Greetings from Thailand.
Last Saturday, the Olympic Flame arrived in Bangkok on its way back to China for the 2008 Olympics. Threats were made by numerous groups, supporting Tibet and against China’s human rights violations, that there would be large demonstrations in Bangkok against China. As it turned out however, the protests were very small. This could have something to do with the fact that the Thai government announced that any foreigner participating in demonstrations during the Olympic Flame run would be kicked out of the country and their names put on a blacklist.
I wanted to go to see the Olympic Flame being carried through Bangkok but didn’t want to get caught up in any demonstrations and then be falsely accused of ‘participating’ and kicked out of the country, so I didn’t go. This is however another piece of evidence against the Thai government’s increasing acts of censorship and is not something a ‘democracy’ should be doing. I would not demonstrate against China and I think what the West is doing in the demonstrations against China is counter-productive. However, I do not agree with a government that even tells me what I am allowed to say and what I’m not allowed to say. That is not a democratic government.
In other and somewhat-related news, police are being told they were ‘too lenient’ in controlling a mob on Friday. A peaceful rally was being held at Thammasat University in Bangkok by the People’s Alliance for Democracy (PAD). An anti-PAD group of People Power Party members (basically supporters of ex-Prime Minister Thaksin Shinawatra), pushed through the police barriers and started throwing bottles and rocks. At one point, two men even opened their flies and exposed their penises in an attempt to provoke members of the PAD to fight back.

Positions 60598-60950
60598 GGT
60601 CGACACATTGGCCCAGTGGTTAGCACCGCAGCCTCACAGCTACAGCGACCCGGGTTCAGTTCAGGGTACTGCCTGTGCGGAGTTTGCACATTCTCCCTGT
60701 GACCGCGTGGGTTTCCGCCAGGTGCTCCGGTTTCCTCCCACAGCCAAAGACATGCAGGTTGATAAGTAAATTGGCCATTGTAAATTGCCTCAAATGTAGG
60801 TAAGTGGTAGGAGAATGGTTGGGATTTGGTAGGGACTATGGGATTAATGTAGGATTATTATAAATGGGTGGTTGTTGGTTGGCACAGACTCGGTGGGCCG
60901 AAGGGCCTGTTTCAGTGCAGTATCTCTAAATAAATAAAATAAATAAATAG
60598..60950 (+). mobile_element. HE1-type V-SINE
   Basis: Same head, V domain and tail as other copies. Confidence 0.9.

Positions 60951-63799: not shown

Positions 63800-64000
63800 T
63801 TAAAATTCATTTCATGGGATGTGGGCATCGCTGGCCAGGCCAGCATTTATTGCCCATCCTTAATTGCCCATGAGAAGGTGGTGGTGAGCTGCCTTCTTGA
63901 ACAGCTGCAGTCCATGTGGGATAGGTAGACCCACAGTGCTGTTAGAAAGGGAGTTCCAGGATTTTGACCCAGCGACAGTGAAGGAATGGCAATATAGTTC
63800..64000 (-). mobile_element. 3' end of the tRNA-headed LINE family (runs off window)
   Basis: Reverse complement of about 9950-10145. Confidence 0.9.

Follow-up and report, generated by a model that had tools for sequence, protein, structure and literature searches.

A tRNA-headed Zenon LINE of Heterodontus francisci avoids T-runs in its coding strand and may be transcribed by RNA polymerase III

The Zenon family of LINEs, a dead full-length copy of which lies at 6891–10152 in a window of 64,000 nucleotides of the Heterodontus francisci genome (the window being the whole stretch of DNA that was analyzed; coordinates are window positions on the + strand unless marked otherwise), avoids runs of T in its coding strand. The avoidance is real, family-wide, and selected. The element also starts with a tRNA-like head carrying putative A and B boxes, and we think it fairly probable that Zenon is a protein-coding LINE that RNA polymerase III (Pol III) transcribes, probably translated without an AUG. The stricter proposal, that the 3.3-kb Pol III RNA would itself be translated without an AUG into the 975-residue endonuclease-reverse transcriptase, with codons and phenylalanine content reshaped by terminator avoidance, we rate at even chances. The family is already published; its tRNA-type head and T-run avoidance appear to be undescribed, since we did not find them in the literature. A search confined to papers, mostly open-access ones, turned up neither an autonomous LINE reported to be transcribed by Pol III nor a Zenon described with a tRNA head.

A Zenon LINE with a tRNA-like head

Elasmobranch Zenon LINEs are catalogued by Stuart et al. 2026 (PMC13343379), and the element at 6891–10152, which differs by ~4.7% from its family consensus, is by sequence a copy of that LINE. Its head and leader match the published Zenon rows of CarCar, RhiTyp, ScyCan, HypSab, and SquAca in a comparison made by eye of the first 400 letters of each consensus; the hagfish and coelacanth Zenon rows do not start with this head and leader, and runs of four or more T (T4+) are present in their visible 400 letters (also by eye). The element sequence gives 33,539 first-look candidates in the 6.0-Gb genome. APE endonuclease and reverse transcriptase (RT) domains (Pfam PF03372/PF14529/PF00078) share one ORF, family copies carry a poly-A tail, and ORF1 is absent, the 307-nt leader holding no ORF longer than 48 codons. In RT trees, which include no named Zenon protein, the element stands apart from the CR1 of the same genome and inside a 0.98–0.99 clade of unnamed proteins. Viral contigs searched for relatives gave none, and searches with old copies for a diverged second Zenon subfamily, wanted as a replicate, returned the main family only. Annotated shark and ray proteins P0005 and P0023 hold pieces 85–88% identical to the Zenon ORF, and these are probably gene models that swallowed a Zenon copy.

Police, of course, did nothing. Why, of course, do you ask? Because many of the police in Thailand have been in the pockets of Thaksin for years, so if the members of the mob were Thaksin supporters, it’s not likely the police would do anything. The police chief has said that the men who exposed themselves will be fined 500 baht. As 500 baht is about $15, it’s not even a ‘slap on the wrist’ let alone a true fine.
In good news, new reports out show that Thailand’s economy is still very strong and that it is expected to grow by at least 6% this year, far exceeding the estimates of economies like the United States. Thailand has also announced it will not be cutting rice exports this year – good news for the world rice markets, where rice prices have increased almost 100% in the last month.
And in somewhat sad and nostalgic news, the Thailand Post Office has announced that telegrams will no longer be able to be sent from Thai Post Offices. Telegrams have been sent within Thailand for over 130 years but, in the modern age of internet and telephones, they’re no longer needed. The last telegrams to be sent out of Thailand will be sent on April 30th, 2008 from the Bang Rak post office.
That’s all for this week. Best wishes and all the good stuff….
Sawatdee Kha from Thailand